A chance encounter, a new chance for a real life, forced into one last job…
What price would you put on a second chance?
When Alex Cassidy and Diane Alison meet by chance at a party in Princeton, New Jersey, there are instant sparks. Both are single parents living in wealthy suburbia, independent, highly competent and seemingly settled in their lives. She runs a successful catering business. He’s part of a crew that robs banks, casinos and jewellery stores around the world. Neither realises initially that their lives have overlapped before, or that their shared history and burgeoning relationship will come to threaten everything they love. As Alex prepares for one final, daunting job, he discovers that he’s not the only one with secrets — and that both of them are playing for the highest stakes imaginable.
Love and Theft is a very good crime novel. Complete with exciting heists and elaborate operations, it is populated by interesting and well-rounded characters. I really enjoyed this.
Love and Theft kicks off with an audacious robbery in Las Vegas. Cleverly and perfectly executed, it kicks off a series of events that will see Alex Cassidy’s life upended. Parish portions out details from Alex’s past over the course of the novel, gradually painting a full picture of his quiet, highly competent thief’s character and life. He’s an interesting protagonist: calm and cool on the surface, but often in turmoil under the surface. He’s not a James Bond-type character: he makes mistakes; while he is violence-averse (it’s more efficient to avoid it), he can be ruthless when necessary. He’s struggling with guilt over the long-ago death of his childhood best friend. When Diane walks into his life, this pain resurfaces. In fact, the ghosts of his past play a large role in the events in this novel.
After the initial heist, events inevitably spiral out of Alex’s and his crew’s control. Despite his desire to leave his life of crime behind, as well as a strong new desire to make a real life for himself — one with a family, stability, and a lack of danger — he is drawn into an even more dangerous job, one he cannot refuse, and one with potentially deadly consequences for his family and friends. No matter how honourable he may try to be, no matter how much he wants to go legit, the world he inhabits has little time for such concerns.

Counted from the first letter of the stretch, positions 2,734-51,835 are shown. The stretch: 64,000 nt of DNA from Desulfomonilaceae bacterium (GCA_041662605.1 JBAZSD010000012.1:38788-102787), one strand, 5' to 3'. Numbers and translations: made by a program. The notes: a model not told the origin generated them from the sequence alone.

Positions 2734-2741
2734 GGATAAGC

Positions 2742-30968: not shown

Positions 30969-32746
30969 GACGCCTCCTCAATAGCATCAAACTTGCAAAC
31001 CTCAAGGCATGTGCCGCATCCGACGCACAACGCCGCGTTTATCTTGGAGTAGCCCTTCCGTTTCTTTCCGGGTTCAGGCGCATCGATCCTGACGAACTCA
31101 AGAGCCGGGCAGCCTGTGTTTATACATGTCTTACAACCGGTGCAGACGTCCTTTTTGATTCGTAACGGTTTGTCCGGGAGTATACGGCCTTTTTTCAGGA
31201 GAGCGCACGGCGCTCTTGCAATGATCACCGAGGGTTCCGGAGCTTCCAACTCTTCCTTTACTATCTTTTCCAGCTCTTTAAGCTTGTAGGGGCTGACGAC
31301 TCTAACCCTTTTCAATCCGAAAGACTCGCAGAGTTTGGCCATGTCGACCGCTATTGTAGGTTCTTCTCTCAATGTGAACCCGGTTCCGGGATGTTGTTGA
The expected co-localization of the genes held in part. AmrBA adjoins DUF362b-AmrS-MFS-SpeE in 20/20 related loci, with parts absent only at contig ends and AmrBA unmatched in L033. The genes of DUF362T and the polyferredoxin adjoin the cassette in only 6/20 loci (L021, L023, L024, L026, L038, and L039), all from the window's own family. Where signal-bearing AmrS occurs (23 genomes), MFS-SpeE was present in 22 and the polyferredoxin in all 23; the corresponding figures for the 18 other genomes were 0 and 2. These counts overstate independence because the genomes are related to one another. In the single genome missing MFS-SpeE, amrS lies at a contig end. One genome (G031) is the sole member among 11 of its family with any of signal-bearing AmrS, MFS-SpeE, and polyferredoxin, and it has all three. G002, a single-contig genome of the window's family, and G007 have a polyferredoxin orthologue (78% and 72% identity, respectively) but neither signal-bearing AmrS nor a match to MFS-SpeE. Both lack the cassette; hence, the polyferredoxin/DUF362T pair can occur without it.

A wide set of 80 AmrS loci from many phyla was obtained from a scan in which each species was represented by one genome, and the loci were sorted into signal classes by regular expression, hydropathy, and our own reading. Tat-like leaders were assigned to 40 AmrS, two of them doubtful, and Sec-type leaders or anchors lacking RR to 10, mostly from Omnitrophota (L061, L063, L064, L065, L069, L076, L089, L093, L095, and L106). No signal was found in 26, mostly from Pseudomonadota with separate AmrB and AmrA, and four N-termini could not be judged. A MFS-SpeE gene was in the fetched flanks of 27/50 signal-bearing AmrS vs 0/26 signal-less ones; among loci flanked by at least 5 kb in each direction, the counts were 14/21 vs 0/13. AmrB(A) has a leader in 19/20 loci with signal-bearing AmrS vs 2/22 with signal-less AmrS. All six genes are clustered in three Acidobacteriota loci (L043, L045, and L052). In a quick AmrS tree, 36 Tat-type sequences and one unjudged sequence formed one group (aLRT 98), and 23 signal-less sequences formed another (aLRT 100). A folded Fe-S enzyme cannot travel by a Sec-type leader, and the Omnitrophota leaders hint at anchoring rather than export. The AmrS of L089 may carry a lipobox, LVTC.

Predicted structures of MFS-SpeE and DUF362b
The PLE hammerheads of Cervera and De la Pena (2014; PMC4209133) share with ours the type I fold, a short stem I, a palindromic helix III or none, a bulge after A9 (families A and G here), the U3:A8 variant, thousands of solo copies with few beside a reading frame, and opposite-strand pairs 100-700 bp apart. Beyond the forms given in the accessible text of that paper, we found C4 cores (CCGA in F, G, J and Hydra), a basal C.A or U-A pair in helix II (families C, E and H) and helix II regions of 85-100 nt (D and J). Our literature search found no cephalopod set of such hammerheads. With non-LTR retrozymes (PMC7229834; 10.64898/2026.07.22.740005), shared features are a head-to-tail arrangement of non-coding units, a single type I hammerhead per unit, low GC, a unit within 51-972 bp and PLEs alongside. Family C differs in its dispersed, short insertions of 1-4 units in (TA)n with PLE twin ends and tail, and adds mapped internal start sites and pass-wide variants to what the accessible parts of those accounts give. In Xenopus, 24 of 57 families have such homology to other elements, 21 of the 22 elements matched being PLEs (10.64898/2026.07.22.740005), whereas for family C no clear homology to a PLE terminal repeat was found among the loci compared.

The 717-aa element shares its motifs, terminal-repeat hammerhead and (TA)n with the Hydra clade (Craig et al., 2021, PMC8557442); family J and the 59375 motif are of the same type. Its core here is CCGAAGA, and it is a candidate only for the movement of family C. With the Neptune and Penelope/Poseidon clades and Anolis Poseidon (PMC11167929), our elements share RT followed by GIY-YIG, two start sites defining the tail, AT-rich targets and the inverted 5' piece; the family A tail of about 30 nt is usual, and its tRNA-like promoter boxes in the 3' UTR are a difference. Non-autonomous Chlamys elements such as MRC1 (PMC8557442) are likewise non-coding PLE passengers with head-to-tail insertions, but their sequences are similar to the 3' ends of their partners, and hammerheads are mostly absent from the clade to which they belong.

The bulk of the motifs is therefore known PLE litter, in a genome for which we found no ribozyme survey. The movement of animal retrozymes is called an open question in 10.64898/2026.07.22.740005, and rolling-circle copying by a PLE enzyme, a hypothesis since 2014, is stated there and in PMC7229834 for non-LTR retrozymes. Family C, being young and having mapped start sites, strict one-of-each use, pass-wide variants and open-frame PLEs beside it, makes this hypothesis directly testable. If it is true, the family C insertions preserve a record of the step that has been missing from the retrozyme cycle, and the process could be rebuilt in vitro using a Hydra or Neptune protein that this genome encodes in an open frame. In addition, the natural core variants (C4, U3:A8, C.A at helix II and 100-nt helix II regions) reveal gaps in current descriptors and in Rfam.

“This is a fucking nightmare.”
“No, there’s no logic to a nightmare. This is a transaction. An unfortunate transaction, but a transaction nonetheless. Do your part. Expect that he’ll do his…”
Parish is a very good writer. The novel moves along at a very good clip, but never felt rushed. Maybe some of the ending could have been slowed down a little bit, but given what was happening I doubt anyone would have slowed down their reading — I zipped through Love and Theft in just a couple of sittings. The characters are very well drawn, and their lives and interactions are engaging and interesting throughout. Learning about Alex’s past was interesting, and especially his less-than-smooth entry into a life of (high) crime. His budding relationship with Diane was very well done, too — it’s both hesitant and urgent, sweet and confounding.
A very good crime novel, and one that is as interested in the characters as it is the action. I would definitely recommend this to anyone who enjoys crime fiction, and also fans of movies like Ocean’s Eleven, The Italian Job, and Heist. Clever, well-written, and with intense action, this ticked a lot of boxes for me.
Stan Parish’s Love and Theft is out now, published by Faber in the UK and Doubleday in North America.
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Review copy received via NetGalley